There are some regimes to this resting time. In hot countries it is clear that the best thing to do in the hottest part of the day is to lay down and keep as still as possible. Work can continue later, when its cooler and more pleasant. Yet here in Britain we never really have that scenario. We have some hot days, but never enough to warrant an afternoon nap to get away from the heat.
I remember when I was about 3 years old being almost forced by my mother to sleep after lunch, though tiredness was the last thing on my mind. She used to sit me on her lap and tell me that I did not need to sleep, just close my eyes for a while. This seemed a ridiculous notion to me. I now realise the thinking behind it. She was exhausted. And having just got the elder 2 children back to school it was her chance to have a few minutes peace – if only I had let her.
Sleeping in the daytime has always seemed a slovenly thing to do in my view. Especially the people who actually undress and get into bed. What a waste of a day, what a waste of daylight hours.
Others have a regime too. Hospitals for example.
Most have a rest time usually in between about 1pm and 3pm – but not for the full 2 hours. Usually before visiting times, presumably so that you are looking as well as can be expected for your situation and circumstances. Don’t want the visitors thinking you are looking unwell.
Sometimes, unfortunately in some wards, lunch is late. This means you have to wolf down your rice pudding in semi darkness as the curtains have already been drawn to the outside world. And by the time the tea lady arrives, she assumes everyone is asleep so you miss out on that one. Never mind, don’t stay asleep too long and you might catch the afternoon cuppa.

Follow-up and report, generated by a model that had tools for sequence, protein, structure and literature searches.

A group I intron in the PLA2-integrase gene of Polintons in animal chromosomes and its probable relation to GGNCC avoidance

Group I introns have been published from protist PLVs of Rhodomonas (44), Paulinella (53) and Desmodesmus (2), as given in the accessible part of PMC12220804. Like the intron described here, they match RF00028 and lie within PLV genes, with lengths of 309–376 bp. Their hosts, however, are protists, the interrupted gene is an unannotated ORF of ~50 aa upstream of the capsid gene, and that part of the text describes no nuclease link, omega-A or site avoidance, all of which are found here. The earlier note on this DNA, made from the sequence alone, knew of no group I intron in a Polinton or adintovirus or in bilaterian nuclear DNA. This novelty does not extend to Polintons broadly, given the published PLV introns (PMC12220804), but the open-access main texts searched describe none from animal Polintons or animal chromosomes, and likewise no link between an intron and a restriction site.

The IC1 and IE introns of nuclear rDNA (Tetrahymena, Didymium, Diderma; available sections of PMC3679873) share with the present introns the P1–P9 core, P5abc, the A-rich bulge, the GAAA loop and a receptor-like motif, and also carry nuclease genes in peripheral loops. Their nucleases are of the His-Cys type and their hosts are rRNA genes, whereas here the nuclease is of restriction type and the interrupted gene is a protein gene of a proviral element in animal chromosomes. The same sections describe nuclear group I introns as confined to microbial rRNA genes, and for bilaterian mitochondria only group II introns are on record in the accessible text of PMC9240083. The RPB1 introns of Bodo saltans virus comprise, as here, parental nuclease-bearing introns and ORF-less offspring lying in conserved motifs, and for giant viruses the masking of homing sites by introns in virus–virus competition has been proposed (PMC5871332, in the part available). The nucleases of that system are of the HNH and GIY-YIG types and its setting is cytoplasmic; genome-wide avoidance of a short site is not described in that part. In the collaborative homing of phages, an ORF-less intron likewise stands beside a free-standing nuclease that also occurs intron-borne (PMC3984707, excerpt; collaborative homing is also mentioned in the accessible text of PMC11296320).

The curtains never seem to close properly across the windows either. There’s a gap where the harsh sunlight bounces onto the shiny floors and sends a glare into your eyes, no matter which way you turn. You can put one arm over your eyes to stop the glare and wake with stiff muscles and pins and needles, or you can lay on your stomach with your face in the pillow. But hospital pillows weren’t made for breathing through.
This is the time for the nurses and any other passing staff to have their daily conversation about last night’s meal at the pub, or this weekends forthcoming one, in loud voices, outside your ward. As you can’t sleep in this anyway, you might as well try and enjoy the conversation, see if you can get a snippet of scandal to amuse your visitors when they come. You just can never actually put the faces to the voices and the straining to catch the crucial punch line is enough to make you fatigued. You feel yourself drifting, just as the lights come on blindingly and a voice is saying “are ya havin a drink love?”
Having a lie in at home can be just as stressful. You have a lie in today, someone says. We’ll see to everything and it’ll be all done when you wake up. Just have a good rest. Bliss! You think.
They leave the room asking do you want the curtains open? Another blanket? Anything at all? No, no, NO ! They leave the room at last ...and leave the door open. You crawl out of bed and close it. Back in bed you thump the pillows a few times then close your eyes. The dog scratches on the door. You crawl out again and leave the door just a little ajar, so it can come and go as it pleases. Peace.
Downstairs the washing machine is doing the laundry of the whole country and the washing up must be from a hundred meals. Crash, bang, splash, ping.
And of course its bin day. More bangs and crashes and some friendly banter between the workers which they yell at each other to be heard above the whirring and rumbling as the machine does it's job. The lorry takes forever to leave the street.
The post arrives. more mail than at Christmas, today and something that needs signing for too. Which involves some more chatter and laughter from inside and outside the house.
Then - silence. Yes, definately silence.
The bedroom door opens slowly, with a
“Had a nice lie in? I brought you a cup of tea”.